No car translates its classic form into the contemporary arena quite like the Porsche 911. A motoring icon for over six decades, the 911 is the automotive equivalent of a pair of Levi 501s: timeless, original and forever cool.
But some are cooler than others, with the 911 having etched its way into popular culture with both good and bad connotations. So the list below has nothing to do with how good these 911s are to drive, or how fast they lap a race circuit, but finding the balance between LA dentist and hardcore rev head within the model’s vast 67 year history.
1964-1969 Porsche 911 O, A & B Series
We start with the original and most pure 911 model of all, the original 911 from 1964. This early Porsche sports car was designed to replace Ferdinand Porcshe’s original 356 with a bigger six-cylinder engine and a more spacious two-plus-two cabin.
Originally intended to be called the 901, French brand Peugeot held that trademark in many European markets, necessitating Porsche to change it to the iconic nomenclature we’re now so familiar with.
It wasn’t a perfect sports car by any measure, but this original model bridges the gap between modern and classic like no other, with thin hips, elegant bumpers and delicate chrome work around the glasshouse.
Values of the original O, A and B series cars built between 1964 and 1969 reflect their desirability, being worth considerably more than other early 911s, especially after American legislation took hold for the follow G series.
1992 Porsche 911 Carrera RS (964)
It took until 1989 for Porsche to give the original 911 a wholesale upgrade for the 964 generation (although the G series of 1974 brought with it some big changes itself, not least the infamous impact bumpers), but it was three years later which arguably saw the 964’s coolest model arrive.
The Carrera RS was a stripped-out and lightweight model designed and marketed specifically for Europe, with an upgraded engine, shorter final drive, limited slip differential and completely overhauled suspension.
Yet the Carrera RS’s other accolades include the introduction of some fetching aesthetics that appealed just as much as its fabulous visuals. This included things like its iconic Carrera RS wheels (variants of which would continue to be riffed on now), arresting colourways such as Rubystone, a menacing deep pink, and the brilliant inclusion of ombre leather finishes inside. This was all done without any exterior spoilers or aggressive details, making it a proper sleeper on the road.
1995 Porsche 911 Turbo (993)
The 993 is often lauded as the critical link between modern and classic 911 models – still utilising the original’s basic structure but with modern advances in engines, transmissions, chassis technology and design taking it to a new level.
The 993 Turbo introduced in 1995 was the yardstick for this generation, combining its flagship Turbo engine with an all-wheel drive system for the first time and in the process helping establish its reputation as historically being about the fastest car on the road in any weather.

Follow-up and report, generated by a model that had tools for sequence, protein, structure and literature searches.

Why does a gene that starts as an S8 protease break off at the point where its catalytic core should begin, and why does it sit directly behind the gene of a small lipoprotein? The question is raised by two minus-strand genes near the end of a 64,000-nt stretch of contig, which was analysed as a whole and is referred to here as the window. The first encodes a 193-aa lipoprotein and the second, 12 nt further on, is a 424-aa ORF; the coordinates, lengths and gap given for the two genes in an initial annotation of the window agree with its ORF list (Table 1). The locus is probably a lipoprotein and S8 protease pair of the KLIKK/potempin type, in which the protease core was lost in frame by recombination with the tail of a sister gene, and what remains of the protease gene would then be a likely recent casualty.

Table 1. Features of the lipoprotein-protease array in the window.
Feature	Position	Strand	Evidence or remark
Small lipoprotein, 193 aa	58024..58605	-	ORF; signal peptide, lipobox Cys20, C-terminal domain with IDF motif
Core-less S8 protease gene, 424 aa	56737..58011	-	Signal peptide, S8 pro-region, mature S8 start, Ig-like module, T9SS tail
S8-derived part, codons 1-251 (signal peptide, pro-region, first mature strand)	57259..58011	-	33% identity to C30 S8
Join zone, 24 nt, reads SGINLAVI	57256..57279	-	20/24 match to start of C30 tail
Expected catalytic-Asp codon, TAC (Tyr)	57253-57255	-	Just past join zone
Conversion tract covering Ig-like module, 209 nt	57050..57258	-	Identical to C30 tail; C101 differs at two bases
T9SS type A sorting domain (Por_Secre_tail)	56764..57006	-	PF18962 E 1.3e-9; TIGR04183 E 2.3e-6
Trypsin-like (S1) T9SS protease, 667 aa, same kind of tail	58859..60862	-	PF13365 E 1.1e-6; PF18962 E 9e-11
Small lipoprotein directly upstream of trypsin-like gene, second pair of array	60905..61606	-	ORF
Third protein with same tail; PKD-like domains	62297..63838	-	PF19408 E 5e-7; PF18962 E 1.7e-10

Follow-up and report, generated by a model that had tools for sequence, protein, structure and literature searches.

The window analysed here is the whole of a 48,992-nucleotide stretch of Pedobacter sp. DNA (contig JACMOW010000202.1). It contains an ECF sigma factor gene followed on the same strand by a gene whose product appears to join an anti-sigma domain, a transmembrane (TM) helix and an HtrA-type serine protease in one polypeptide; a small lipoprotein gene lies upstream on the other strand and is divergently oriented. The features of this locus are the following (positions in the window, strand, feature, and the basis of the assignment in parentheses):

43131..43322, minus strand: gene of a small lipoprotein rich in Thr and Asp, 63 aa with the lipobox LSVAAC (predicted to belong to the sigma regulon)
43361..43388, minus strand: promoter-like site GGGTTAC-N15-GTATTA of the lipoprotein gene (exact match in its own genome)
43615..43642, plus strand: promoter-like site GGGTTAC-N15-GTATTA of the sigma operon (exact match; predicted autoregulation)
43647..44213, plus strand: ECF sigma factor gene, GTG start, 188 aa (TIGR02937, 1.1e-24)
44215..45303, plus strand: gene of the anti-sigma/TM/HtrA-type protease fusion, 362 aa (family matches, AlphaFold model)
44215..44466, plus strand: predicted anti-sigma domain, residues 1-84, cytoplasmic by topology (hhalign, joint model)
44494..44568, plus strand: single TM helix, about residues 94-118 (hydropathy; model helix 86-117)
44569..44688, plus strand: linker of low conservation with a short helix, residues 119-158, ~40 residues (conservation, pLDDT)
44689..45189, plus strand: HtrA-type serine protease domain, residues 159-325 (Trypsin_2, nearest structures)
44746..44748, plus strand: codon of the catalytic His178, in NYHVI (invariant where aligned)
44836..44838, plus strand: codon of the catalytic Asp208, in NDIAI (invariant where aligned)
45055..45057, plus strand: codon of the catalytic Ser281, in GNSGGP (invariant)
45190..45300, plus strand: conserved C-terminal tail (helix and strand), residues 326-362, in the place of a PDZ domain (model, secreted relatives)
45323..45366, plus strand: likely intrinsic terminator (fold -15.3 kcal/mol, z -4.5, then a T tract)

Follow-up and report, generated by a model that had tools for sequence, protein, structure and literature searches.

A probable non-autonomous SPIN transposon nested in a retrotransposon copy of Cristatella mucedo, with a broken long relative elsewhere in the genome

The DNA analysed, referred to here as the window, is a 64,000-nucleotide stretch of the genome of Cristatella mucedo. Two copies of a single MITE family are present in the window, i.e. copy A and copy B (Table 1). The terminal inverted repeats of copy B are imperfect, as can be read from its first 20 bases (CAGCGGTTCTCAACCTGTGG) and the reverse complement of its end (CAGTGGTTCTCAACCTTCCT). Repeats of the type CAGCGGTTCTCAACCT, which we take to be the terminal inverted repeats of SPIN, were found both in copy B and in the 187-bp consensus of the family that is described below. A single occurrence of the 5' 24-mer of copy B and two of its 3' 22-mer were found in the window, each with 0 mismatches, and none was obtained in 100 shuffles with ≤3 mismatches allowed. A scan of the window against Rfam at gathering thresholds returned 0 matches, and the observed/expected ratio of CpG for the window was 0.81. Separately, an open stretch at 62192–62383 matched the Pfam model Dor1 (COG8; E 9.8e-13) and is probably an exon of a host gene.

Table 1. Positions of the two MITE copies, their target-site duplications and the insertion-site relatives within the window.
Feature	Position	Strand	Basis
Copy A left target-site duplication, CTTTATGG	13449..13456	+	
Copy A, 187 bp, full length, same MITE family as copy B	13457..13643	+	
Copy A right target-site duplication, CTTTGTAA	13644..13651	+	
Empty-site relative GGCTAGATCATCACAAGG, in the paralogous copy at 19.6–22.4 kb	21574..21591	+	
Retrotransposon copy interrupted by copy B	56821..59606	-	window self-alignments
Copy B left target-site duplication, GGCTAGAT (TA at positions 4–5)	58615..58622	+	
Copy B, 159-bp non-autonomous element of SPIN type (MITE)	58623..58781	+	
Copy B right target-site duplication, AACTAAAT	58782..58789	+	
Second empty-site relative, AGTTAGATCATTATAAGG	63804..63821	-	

What makes the 993 different is its clean aesthetic, striking a superb balance of understated purpose and elegance. A later Turbo S was introduced in 1997 with key upgrades surrounding the engine, chassis and brakes, but its not-so-subtle aero tweaks and the breaking of the body side with a new side-mounted intake means it’s the original Turbo that is the coolest model from the short-lived but highly-prized 993 generation.
1997 Porsche 911 Carrera (996)
After the superb 993, the Porsche world seemingly went into meltdown with the introduction of the 996 generation 911. This model broke the mould in a multitude of ways, installing an all-new body and structure to previous 911s, swapping the iconic air-cooled flat-six for a new water-cooled unit and literally breaking the egg-shaped shell with its iconic fried-egg headlights.
At the time, the changes were not well received, but in the 25 years since its debut the 996 has turned the corner and is now emerging as an icon of mid-90s cool. The basic rear-wheel drive Carrera, with the amber indicators front and rear, is a huge statement of the 996’s unapologetic 90s aesthetic, especially when combined with iconic 996 colours such as Zenith Blue or Wimbledon Green.
Keeping it as original as possible is the key, but when you hit the right note few modern 911s are as cool to be seen in – ignoring the catastrophic IMS issues that would often require a whole new engine.
2010 Porsche 911 Sport Classic (997)
Few would argue that the 997 generation of Porsche significantly upped the 996’s cards, but none looked cooler or more bespoke than the 2009 Sport Classic. This model was limited to just 250 units, and despite being based on a mid-level Carrera S, actually cost more than the Turbo when new.
It featured only slightly more power than the model on which it was based, and had barely more performance, but the amount of bespoke work that went into it, plus its rarity, makes it about the coolest contemporary Porsche ever.
Its aesthetic was driven by the then-exclusive combination of the Carrera 4’s wider body with rear-wheel drive. The hand-painted stripes were bespoke, so too the body colour, rear duck-tail spoiler and whole interior fit out. On that topic, the Sport Classic included pretty much all of Porsche Exclusive’s interior leather options, with even the coat hooks on the back of the front seats wrapped in a bespoke shade of brown leather.
The cherry on top were the Fusch-inspired wheels, putting the Sport Classic on a pedestal of coolness no other 997 can achieve (unless you’re partial to the red roof lining of a GT2 RS).